I'm almost the opposite where I feel depressed if I'm not doing things. I need to stay busy. I’m incredibly fortunate to have a wife who’s not incredibly stressed out by that behavior. I can get really intense and want to have control of every situation. Sometimes I need to chill the hell out.

The only moment that I came close to a burnout was when I wasn’t feeling fulfilled in my work.

I'm constantly chasing that feeling of fulfillment. That's why I'm doing a lot of short films, it's that sense of accomplishment every time one is done. If I do long format again and I’m working on a project for a year, I can start to feel like I’m losing touch with my audience and clients.

Why do you do what you do and what makes it so meaningful to you?

Storytelling is so important to me because I learn through connecting with a subject. I learn through interviewing, seeing someone’s world, and visiting places. That is the most beautiful thing about photography and filmmaking is that you see places, you learn about life, you learn about people and then indirectly, you learn about yourself. I’m always trying to get to the essence of life, what is the meaning, what is the purpose? I try to get those answers from the people I profile, and I learn a little bit more about myself and life every time.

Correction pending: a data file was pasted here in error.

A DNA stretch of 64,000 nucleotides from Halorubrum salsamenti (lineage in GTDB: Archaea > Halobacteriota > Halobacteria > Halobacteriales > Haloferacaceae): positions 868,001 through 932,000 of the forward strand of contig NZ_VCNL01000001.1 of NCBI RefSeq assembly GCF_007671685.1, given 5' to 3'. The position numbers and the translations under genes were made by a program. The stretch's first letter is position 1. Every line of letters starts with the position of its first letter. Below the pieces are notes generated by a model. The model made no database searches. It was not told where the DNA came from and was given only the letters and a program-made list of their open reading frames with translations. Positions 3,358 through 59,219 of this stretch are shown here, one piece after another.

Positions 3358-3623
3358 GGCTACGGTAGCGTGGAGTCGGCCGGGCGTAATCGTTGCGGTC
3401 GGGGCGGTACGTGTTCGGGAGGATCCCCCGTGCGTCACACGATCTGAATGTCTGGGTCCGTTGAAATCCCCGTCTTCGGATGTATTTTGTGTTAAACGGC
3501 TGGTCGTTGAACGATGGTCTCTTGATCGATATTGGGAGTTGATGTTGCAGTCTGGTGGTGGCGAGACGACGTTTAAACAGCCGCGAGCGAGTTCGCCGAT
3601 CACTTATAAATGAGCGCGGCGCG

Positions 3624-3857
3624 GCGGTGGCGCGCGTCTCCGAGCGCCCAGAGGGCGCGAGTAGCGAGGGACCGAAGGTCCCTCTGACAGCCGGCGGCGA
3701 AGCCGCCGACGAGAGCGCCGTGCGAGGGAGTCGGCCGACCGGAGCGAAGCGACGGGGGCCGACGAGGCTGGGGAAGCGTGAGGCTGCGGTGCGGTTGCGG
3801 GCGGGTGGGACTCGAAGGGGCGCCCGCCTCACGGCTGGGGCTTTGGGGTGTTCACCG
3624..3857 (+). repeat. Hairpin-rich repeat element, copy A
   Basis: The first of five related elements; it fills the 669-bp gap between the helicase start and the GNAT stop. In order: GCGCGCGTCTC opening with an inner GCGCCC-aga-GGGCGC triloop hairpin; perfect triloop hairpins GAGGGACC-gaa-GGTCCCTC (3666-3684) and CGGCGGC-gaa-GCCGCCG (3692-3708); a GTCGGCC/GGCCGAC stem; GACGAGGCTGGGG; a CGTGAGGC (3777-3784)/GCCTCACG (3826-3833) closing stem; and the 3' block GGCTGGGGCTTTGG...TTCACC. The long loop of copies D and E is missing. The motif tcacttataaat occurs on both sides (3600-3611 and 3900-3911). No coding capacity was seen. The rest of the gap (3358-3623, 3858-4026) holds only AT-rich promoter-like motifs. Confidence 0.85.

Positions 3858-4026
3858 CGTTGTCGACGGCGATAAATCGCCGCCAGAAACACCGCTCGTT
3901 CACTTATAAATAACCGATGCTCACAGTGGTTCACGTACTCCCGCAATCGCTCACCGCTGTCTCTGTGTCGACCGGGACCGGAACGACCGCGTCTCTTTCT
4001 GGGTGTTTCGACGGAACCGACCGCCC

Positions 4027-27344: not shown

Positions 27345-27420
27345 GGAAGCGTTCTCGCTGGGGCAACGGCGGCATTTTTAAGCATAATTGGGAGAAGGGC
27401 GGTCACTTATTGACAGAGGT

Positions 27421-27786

Who would you want to see on Ways We Work?

Jimmy Marble

Jon Burgerman

Noah Kalina

Michael Scoggins

Scott David Laufer

Catalina Estrada

Thomas Medicus